International (non-EU) driving licence holders should be aware that after a period of 12 months, your licence will need to be transferred to a UK driving licence. This is of vital importance in maintaining your car insurance policy.

Holders of Chinese or Russian driving licences should take particular note, as car insurance policies can be invalidated if the correct procedure is not followed.

Driving in the UK on an international driving licence

If you have an international driving licence and are classed as a permanent UK resident, you have a 12 month period whereby you are able to legally drive in the UK on your international licence. Once this 12 month period expires, you will lose this entitlement and will need to obtain a UK driving licence.

You can obtain a UK driving licence by passing a UK driving test.  Or if your licence is from a country that has been designated in British law you can exchange your licence for a UK one. Designated countries are:

  • Australia
  • Barbados
  • British Virgin Islands
  • Canada
  • Falkland Islands
  • Faroe Islands
  • Hong Kong
  • Japan
  • Monaco
  • New Zealand
  • Republic of Korea
  • Singapore
  • South Africa
  • Switzerland
  • Zimbabwe

If you have not obtained a UK driving licence by the end of the 12 month period, then you must apply for a provisional driving licence from the DVLA (Driver and Vehicle Licensing Agency).   You cannot apply to take the UK driving test unless you have a provisional licence, as the DVLA will require your provisional driving licence number.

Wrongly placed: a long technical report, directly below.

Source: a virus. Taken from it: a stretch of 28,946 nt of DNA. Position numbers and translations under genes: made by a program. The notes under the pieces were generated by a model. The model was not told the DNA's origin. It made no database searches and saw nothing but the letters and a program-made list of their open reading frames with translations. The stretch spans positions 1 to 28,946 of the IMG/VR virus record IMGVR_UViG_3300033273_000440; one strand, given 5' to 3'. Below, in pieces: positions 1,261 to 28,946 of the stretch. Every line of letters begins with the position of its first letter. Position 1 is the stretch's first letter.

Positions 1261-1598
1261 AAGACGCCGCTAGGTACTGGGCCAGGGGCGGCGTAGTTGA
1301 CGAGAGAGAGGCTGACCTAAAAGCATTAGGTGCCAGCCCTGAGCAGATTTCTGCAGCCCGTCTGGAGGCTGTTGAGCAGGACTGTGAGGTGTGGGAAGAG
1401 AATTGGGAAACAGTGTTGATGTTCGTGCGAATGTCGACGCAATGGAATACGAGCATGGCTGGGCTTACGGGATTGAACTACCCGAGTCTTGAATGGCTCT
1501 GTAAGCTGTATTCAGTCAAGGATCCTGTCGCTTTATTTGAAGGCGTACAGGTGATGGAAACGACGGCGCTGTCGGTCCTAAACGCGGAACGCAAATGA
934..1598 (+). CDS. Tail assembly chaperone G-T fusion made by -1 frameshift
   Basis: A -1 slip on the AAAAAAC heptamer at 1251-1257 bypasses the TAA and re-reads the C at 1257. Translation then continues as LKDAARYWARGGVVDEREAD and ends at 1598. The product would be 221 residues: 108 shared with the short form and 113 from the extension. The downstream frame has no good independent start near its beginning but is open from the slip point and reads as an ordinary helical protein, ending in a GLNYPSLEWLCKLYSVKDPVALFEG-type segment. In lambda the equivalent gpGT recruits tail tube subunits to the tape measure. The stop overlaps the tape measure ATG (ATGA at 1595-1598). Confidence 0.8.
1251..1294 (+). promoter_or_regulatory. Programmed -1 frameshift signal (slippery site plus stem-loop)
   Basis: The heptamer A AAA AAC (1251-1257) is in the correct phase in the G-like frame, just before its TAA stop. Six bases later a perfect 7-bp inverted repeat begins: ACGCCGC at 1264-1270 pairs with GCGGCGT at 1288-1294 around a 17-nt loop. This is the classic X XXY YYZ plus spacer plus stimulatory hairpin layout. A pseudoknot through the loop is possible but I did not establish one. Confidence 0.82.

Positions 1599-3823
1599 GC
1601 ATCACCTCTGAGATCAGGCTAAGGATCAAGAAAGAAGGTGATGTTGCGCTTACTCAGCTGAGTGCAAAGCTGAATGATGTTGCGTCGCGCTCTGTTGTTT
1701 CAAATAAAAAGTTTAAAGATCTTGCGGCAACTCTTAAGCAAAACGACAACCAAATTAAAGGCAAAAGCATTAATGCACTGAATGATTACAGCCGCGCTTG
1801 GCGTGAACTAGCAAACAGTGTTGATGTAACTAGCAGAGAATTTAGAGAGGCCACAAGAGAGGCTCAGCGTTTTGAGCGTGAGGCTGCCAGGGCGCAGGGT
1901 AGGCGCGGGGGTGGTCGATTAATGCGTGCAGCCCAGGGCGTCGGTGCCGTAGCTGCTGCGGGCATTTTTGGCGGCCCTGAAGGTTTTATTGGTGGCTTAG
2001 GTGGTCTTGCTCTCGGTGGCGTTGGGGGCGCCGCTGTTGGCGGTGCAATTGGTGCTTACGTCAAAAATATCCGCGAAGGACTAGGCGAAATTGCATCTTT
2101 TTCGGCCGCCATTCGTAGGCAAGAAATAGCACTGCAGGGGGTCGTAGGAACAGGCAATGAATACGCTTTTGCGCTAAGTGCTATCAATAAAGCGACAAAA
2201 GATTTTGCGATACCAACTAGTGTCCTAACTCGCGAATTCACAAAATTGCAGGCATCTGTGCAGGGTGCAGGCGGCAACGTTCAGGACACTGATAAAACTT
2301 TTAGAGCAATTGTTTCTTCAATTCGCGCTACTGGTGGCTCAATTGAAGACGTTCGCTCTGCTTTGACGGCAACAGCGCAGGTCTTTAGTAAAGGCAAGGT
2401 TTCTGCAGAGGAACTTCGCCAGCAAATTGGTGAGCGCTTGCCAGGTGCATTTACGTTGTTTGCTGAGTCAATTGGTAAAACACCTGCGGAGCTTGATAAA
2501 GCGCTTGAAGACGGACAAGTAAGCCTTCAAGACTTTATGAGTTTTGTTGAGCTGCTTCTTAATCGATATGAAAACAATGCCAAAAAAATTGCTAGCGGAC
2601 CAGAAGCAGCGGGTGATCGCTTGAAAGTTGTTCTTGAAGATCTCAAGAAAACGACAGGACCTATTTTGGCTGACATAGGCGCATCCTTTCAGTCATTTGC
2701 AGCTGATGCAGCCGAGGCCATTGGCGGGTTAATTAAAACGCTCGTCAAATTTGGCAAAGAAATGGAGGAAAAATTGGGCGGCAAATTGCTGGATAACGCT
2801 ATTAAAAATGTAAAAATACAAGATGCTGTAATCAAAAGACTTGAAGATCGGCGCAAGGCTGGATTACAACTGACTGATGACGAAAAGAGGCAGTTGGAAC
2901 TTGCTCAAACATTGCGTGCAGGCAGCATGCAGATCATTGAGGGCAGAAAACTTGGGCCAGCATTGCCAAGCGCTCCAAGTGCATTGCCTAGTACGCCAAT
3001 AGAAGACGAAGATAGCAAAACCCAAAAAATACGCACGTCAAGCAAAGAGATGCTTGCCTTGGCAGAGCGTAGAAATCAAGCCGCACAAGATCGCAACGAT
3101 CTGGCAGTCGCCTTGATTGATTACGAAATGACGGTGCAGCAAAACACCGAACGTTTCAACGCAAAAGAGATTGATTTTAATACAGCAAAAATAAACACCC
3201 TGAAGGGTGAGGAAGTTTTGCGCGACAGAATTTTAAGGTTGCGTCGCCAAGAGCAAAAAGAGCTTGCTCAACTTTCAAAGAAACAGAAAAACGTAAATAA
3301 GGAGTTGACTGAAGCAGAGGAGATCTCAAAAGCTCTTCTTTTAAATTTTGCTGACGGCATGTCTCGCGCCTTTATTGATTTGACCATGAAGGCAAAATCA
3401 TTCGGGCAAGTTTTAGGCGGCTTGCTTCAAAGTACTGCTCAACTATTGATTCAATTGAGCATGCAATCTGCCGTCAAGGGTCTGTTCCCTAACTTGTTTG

Driving in the UK on a provisional driving licence

A provisional driving licence states that you must be accompanied at all times by someone that has held a full UK driving license for at least 2 years, and is over the age of 21.

If you are stopped by the police and you are not accompanied this will result in an LC20 conviction (i.e. driving otherwise than in accordance with a licence).  Between 3 and 6 penalty points will be added onto your license.

Any penalty points on your provisional licence that have not expired will be carried over to your full driving licence when you pass your test. Furthermore your licence will be cancelled if you get any further penalty points that take you up to a total of 6 or more within 2 years of passing your driving test.

What this means for your car insurance policy

If the above conditions for driving on a provisional licence are not met, insurers can cancel your car insurance policy. This will leave you without any cover.

If an accident occurs then insurers will not pay for your own damage and more than likely not the third party’s damage. In some instances insurers will settle the third party damage then pursue you for reimbursement.

The majority of insurance policies state that the policy would be invalidated because as a provisional licence holder you are only entitled to drive if properly supervised.

As high performance car insurance brokers, our clients can be particularly at risk by not having any cover.  If you are unsure of the status of your driving licence and how it affects your insurance policy, call one of our expert performance car insurance brokers.  We will be happy to guide you through your options.

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Written by: Dan Foley

Date: Friday 3rd November, 1:13pm